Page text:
FLOW-Finding Lasting Options for Women

This study is currently recruiting participants. (see Contacts and Locations)
Verified July 2013 by University of British Columbia
Sponsor:
Collaborator:
National Research System-College of Family Physicians of Canada
Information provided by (Responsible Party):
University of British Columbia
ClinicalTrials.gov Identifier:
NCT00397202
First received: November 6, 2006
Last updated: July 30, 2013
Last verified: July 2013

November 6, 2006
July 30, 2013
November 2006
December 2013   (final data collection date for primary outcome measure)
Overall satisfaction with menstrual strategy. [ Time Frame: Unspecified ] [ Designated as safety issue: No ]
Overall satisfaction with menstrual strategy.
Complete list of historical versions of study NCT00397202 on ClinicalTrials.gov Archive Site
  • Diagnosed UTI [ Time Frame: Unspecified ] [ Designated as safety issue: No ]
  • Diagnosed vaginitis [ Time Frame: Unspecified ] [ Designated as safety issue: No ]
  • Vaginal irritation [ Time Frame: Unspecified ] [ Designated as safety issue: No ]
  • Waste [ Time Frame: Unspecified ] [ Designated as safety issue: No ]
  • Cost [ Time Frame: Unspecified ] [ Designated as safety issue: No ]
  • Diagnosed UTI
  • Diagnosed vaginitis
  • Vaginal irritation
  • Waste
  • Cost
Not Provided
Not Provided
 
FLOW-Finding Lasting Options for Women
FLOW-Finding Lasting Options for Women: A Prospective, Randomized, Multicenter Trial Comparing Tampons to a Menstrual Cup
  1. Purpose: To compare the use of the menstrual cup "The DivaCupTM " to a menstrual strategy using tampons as the primary method of menstrual flow management using indicators of user-satisfaction, urinary tract infection, vaginal irritation, cost and waste.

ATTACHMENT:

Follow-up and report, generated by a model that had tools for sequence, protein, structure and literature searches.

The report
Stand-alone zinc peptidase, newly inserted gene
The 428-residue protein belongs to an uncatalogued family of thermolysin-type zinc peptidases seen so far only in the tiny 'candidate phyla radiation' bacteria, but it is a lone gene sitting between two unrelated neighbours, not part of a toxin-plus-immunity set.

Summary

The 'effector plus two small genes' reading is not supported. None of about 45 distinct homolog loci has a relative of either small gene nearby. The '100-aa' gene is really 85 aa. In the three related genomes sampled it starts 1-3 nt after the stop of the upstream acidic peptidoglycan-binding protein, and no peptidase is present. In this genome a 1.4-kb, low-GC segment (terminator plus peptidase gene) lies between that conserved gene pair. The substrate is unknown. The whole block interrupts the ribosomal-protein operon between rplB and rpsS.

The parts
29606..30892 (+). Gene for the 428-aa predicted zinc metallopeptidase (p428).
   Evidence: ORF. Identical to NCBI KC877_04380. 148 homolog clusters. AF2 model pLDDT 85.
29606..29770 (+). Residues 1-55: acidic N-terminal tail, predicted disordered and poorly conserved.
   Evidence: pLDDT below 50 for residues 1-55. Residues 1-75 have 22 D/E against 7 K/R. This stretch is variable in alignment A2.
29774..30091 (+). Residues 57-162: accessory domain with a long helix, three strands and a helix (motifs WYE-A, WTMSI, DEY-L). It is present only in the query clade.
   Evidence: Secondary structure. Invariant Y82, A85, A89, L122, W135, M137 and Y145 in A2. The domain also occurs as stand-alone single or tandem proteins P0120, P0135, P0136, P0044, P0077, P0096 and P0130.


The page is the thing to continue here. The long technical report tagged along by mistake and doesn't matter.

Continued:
2. Hypothesis: The "The DivaCupTM" will have similar rates of user-satisfaction, urinary tract infection, and vaginal irritation as a menstrual strategy using tampons as the primary method of menstrual flow management but will likely be more reasonable in terms of cost and will generate less waste.

Method:

Prospective study of 100 women from family practice offices in Vancouver, Victoria and Prince George who currently use tampons to manage menstrual flow. After an information session and consent, subjects will be randomized to tampon use or Diva Cup use and record their experience on a diary for 3 months. Women who attend the information session and who do not enrol, or those who drop out will be asked their reasons for discontinuing, and their pre-study questionnaire will be used for analysis.

Interventional
Not Provided
Allocation: Randomized
Endpoint Classification: Efficacy Study
Intervention Model: Parallel Assignment
Masking: Open Label
Menstruation
Device: Diva Cup TM
See Detailed Description.
Active Comparator: The DivaCupTM
Intervention: Device: Diva Cup TM
Not Provided

*   Includes publications given by the data provider as well as publications identified by ClinicalTrials.gov Identifier (NCT Number) in Medline.
 
Recruiting
100
December 2013
December 2013   (final data collection date for primary outcome measure)

Inclusion Criteria:

  • Women between the ages of 19 and 40 who have menstrual flow most months and who currently self-identify as using tampons as their primary method of menstrual management

Exclusion Criteria:

  • Have a sensitivity or allergy to silicone
  • Have an active vaginal or urogenital infection
  • Are pregnant, or who have plans to become pregnant before spring 2007 (end of study data collection)
  • Have used systemic antimicrobials within the previous 14 days
  • Are unable to understand the nature and purpose of the study
  • Are unable to understand and express themselves in written and spoken English
Female
19 Years to 40 Years
Yes
Contact: Konia Trouton 250 480 7333 ktrouton@uvic.ca
Canada
 
NCT00397202
C06-0478
No
University of British Columbia
University of British Columbia
National Research System-College of Family Physicians of Canada
Principal Investigator: Konia Trouton, MD University of British Columbia
University of British Columbia
July 2013

ICMJE     Data element required by the International Committee of Medical Journal Editors and the World Health Organization ICTRP